Business

Bringing Business To Life: Livia Firth

Celebrating the launch of the new Eco-Age digital platform, Livia Firth tells the story of how the business has changed, changed and changed again
By Livia Firth
16.10.18

What inspired you to set up Eco-Age?

My brother – it was Nicola’s idea to open Eco-Age when he finished his degree in Economics and Sustainability. He’d seen a gap in the market for ecological solutions for the home. One day he came to Colin and myself and said, “If you want to buy solar panels where do you go?” to which Colin and I looked at each other and said, “I have no idea!” And Nicola said “Exactly! We have to open a store offering the most stylish eco products as well as consultancy on how to create the perfect eco-home.”  It was 2007 and that was the beginning of Eco-Age. I was busy producing documentaries at the time but before I knew it I got completely involved and we had this little shop on Chiswick High Road to run and a lot to learn.

A year or so later, as a global ambassador for Oxfam, I went to look at a project on domestic violence in Bangladesh and while I was in Dhaka with Lucy Siegle we asked to be smuggled into a factory. It was my first experience of a factory and I was completely shocked. So when I came back I told Nicola we had to forget about the shop and homewear etc - this is gigantic. We have huge human rights and environmental issues within fashion – what can we do about it? And that was the new phase of Eco-Age.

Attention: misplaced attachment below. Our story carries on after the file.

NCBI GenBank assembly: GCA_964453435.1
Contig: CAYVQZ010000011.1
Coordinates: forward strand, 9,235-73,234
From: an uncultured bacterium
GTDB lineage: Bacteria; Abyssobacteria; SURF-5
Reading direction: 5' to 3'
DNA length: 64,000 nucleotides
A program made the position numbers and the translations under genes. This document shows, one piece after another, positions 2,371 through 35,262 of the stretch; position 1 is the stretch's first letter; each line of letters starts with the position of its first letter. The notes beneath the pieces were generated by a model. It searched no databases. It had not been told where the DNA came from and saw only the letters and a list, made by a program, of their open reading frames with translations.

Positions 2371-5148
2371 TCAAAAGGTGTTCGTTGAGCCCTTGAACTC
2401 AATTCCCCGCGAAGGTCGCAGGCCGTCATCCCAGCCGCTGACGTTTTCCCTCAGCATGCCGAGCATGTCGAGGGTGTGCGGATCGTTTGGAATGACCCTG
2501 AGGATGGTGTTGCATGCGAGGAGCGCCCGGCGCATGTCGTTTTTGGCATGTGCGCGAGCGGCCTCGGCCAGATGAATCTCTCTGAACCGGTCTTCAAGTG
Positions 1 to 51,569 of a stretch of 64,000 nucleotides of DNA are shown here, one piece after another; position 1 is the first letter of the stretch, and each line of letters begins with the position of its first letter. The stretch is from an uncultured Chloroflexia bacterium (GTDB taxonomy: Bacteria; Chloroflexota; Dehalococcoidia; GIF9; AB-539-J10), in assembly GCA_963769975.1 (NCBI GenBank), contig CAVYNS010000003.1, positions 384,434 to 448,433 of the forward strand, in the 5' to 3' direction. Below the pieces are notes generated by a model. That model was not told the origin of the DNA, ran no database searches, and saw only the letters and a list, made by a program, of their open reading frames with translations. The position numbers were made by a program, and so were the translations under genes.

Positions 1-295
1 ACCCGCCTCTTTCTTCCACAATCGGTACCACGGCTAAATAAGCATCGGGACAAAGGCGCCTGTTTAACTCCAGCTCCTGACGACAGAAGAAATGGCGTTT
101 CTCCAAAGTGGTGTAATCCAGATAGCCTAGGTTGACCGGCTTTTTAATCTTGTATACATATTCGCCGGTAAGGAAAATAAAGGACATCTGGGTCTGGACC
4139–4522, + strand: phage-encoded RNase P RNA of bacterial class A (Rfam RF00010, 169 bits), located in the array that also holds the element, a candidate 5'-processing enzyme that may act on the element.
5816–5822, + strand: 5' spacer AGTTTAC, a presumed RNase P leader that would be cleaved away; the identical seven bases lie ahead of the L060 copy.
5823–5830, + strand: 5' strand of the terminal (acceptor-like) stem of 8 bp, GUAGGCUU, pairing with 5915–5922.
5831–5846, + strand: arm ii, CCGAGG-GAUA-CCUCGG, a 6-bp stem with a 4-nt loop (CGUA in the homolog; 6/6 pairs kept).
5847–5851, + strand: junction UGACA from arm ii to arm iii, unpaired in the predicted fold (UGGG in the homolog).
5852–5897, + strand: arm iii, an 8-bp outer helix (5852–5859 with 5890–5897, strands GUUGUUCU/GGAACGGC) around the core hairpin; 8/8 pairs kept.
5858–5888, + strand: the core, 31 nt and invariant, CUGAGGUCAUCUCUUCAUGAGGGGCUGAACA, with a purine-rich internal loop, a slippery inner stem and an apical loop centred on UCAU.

So the inspiration came from Nicola originally and then from meeting a lot of amazing women on the fashion scene - Lucy Siegle, Orsola de Castro, Jocelyn Whipple - and learning from them. Then in 2009 Colin was nominated for an Oscar and Lucy and I had the Green Carpet Challenge idea – and Dolly Jones (then editor of Vogue.co.uk, now Eco-Age chief content officer) gave us the platform on Vogue.co.uk and our next adventure started. That’s when the consultancy and the communications all came together.